This is a mistake.  This is a move away from professional work to “grandma wordprocessing”.  Interoperability.  Unix base.  Bootcamp. They did a lot to undermine Mac’s reputation that it is a toy computer and here Apple goes again trying to destroy everything.

    If you work in development,  AML, cybersec, pentesting, or distributed networking, virtualization isn’t recommended—it’s required. Sharing a 64 bit cpu co-operability with Windows, Linux and BSD means that virtualization works natively and out of the box. Having to run resource limited code through an emulating interpreter is a devastating nonstarter.

    Forget gaming.  Gaming is already a wasteland on Mac but it’ll get worse after that.  Forget large, complex, robust titles like GTA VI, Diablo IV or the like.  If coding wrappers for Open GL to DX12 was a pain before, and moving to only 64bit code wrecked games as devs refused to expend resources to fix the issue.  Anyone that thinks that Apple has gaming on iOS is lying to themselves.  Most titles are ten year old remakes or microtransactional vomit stew.  And no, the occasional indie title doesn’t make up for saying goodbye to companies like iD, Blizzard, Crystal Dynamics, et al.  

    If my neighbors computer can do work, play games and inter operate out of the box, while Macs need Wintel machines or consoles on top of of the already purchase price to get stuff done, you’ve diminished the platforms utility.

    This isn’t about speed.  Apple A series chips may get close to Intels Coffee Lake i5/7 levels of performance but they’ll lag compared to Golden Coves 10 nm cores next year.  If Apple was concerned about security or supply chain, they could’ve gone AMD.  Ryzen 3 4xxx series chips have a 15% uplift over 3700x or Core i7s in the 50W envelope and they have a great relationship with AMD.  No one will take enterprise seriously with Mac not because A series chips are weak, although they surely are against EPYC, Xeon, Intel HEDT, Vega II, Ampere... etc but because no one will rewrite entire code based for Apple.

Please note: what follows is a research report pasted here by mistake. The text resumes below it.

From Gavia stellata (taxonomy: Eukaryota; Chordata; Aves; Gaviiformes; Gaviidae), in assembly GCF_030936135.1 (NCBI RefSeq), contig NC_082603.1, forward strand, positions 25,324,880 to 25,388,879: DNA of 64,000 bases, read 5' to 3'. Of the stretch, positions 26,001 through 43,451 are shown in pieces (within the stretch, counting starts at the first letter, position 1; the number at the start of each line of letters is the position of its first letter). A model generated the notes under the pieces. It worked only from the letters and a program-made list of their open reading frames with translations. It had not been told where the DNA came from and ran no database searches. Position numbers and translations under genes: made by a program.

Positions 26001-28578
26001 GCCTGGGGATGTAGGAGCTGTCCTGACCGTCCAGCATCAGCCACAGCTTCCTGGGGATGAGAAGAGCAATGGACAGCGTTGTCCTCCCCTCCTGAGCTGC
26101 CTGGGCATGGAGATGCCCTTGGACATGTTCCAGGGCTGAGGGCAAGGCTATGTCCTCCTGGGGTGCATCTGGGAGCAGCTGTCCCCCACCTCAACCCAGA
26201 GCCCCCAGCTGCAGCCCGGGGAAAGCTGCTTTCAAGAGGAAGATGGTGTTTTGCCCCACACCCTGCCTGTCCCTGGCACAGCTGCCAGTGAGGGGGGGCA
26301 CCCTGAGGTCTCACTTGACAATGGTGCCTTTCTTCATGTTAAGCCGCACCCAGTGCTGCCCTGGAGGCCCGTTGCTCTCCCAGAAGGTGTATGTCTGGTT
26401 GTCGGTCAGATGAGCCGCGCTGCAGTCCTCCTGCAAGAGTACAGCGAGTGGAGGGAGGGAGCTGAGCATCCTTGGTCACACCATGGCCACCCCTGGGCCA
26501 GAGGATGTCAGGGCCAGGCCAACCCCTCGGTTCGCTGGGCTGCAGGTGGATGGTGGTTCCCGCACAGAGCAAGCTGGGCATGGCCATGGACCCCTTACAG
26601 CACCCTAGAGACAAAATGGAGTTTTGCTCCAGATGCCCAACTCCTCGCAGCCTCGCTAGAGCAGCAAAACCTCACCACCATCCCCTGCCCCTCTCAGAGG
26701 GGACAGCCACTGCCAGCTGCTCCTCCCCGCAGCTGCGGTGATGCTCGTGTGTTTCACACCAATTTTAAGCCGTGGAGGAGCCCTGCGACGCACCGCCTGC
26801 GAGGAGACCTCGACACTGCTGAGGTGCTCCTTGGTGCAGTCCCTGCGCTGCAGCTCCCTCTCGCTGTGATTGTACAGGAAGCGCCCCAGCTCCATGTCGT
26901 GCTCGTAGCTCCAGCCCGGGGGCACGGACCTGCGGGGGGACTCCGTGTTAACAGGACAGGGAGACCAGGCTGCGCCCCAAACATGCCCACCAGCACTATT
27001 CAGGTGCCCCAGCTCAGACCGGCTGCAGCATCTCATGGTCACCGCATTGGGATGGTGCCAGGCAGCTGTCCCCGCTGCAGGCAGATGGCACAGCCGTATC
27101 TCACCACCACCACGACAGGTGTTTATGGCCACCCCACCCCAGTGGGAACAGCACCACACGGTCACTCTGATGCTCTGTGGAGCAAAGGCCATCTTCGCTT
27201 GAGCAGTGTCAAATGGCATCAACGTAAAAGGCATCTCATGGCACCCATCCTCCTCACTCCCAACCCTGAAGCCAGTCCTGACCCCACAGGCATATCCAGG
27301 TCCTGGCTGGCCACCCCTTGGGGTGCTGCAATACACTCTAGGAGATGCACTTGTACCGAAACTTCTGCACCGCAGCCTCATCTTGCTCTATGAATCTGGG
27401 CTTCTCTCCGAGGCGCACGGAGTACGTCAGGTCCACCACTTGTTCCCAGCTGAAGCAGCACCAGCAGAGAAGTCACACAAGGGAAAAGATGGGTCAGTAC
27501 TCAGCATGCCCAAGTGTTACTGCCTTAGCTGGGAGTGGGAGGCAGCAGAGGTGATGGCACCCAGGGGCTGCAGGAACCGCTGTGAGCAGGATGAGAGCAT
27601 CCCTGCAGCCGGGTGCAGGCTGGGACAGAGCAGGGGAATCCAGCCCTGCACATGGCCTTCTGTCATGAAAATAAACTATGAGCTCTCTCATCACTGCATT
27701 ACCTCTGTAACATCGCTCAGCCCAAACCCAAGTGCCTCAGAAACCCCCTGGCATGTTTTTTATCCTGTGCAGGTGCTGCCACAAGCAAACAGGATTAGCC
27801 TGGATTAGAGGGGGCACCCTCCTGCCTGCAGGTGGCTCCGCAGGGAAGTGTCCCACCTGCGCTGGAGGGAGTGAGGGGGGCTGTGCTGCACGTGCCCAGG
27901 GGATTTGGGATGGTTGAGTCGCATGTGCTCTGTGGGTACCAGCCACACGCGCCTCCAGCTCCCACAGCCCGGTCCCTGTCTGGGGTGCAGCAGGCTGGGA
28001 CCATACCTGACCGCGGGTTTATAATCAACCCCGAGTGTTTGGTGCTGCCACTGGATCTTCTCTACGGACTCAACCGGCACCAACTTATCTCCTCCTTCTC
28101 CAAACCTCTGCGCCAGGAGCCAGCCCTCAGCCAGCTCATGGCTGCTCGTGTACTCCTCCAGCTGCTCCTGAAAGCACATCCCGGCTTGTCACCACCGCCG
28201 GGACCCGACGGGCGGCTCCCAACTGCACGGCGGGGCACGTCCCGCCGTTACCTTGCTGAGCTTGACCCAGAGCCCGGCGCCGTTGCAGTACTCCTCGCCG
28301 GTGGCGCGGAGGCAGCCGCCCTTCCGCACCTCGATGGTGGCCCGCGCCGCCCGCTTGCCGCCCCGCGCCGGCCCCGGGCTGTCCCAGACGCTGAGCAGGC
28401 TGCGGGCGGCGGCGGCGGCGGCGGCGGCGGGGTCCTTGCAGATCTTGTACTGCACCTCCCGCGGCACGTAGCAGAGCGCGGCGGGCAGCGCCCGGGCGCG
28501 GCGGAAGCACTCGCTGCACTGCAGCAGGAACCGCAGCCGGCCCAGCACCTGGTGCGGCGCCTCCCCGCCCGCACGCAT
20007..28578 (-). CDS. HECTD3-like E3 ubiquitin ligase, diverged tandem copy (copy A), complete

Apple software development will be based solely on scraps left over from iOS.  No enterprise.  No AML.  No shared development.  No real gaming.  No virtualization.  Macs become 3000 dollar email terminals.  This is devastating news for the Mac platform.
    gatorguy
  • Reply 89 of 110
    GeorgeBMacGeorgeBMac Posts: 11,421member
    madan said:
    This is a mistake.  This is a move away from professional work to “grandma wordprocessing”.  Interoperability.  Unix base.  Bootcamp. They did a lot to undermine Mac’s reputation that it is a toy computer and here Apple goes again trying to destroy everything.

    If you work in development,  AML, cybersec, pentesting, or distributed networking, virtualization isn’t recommended—it’s required. Sharing a 64 bit cpu co-operability with Windows, Linux and BSD means that virtualization works natively and out of the box. Having to run resource limited code through an emulating interpreter is a devastating nonstarter.

    Forget gaming.  Gaming is already a wasteland on Mac but it’ll get worse after that.  Forget large, complex, robust titles like GTA VI, Diablo IV or the like.  If coding wrappers for Open GL to DX12 was a pain before, and moving to only 64bit code wrecked games as devs refused to expend resources to fix the issue.  Anyone that thinks that Apple has gaming on iOS is lying to themselves.  Most titles are ten year old remakes or microtransactional vomit stew.  And no, the occasional indie title doesn’t make up for saying goodbye to companies like iD, Blizzard, Crystal Dynamics, et al.  

    If my neighbors computer can do work, play games and inter operate out of the box, while Macs need Wintel machines or consoles on top of of the already purchase price to get stuff done, you’ve diminished the platforms utility.

    This isn’t about speed.  Apple A series chips may get close to Intels Coffee Lake i5/7 levels of performance but they’ll lag compared to Golden Coves 10 nm cores next year.  If Apple was concerned about security or supply chain, they could’ve gone AMD.  Ryzen 3 4xxx series chips have a 15% uplift over 3700x or Core i7s in the 50W envelope and they have a great relationship with AMD.  No one will take enterprise seriously with Mac not because A series chips are weak, although they surely are against EPYC, Xeon, Intel HEDT, Vega II, Ampere... etc but because no one will rewrite entire code based for Apple.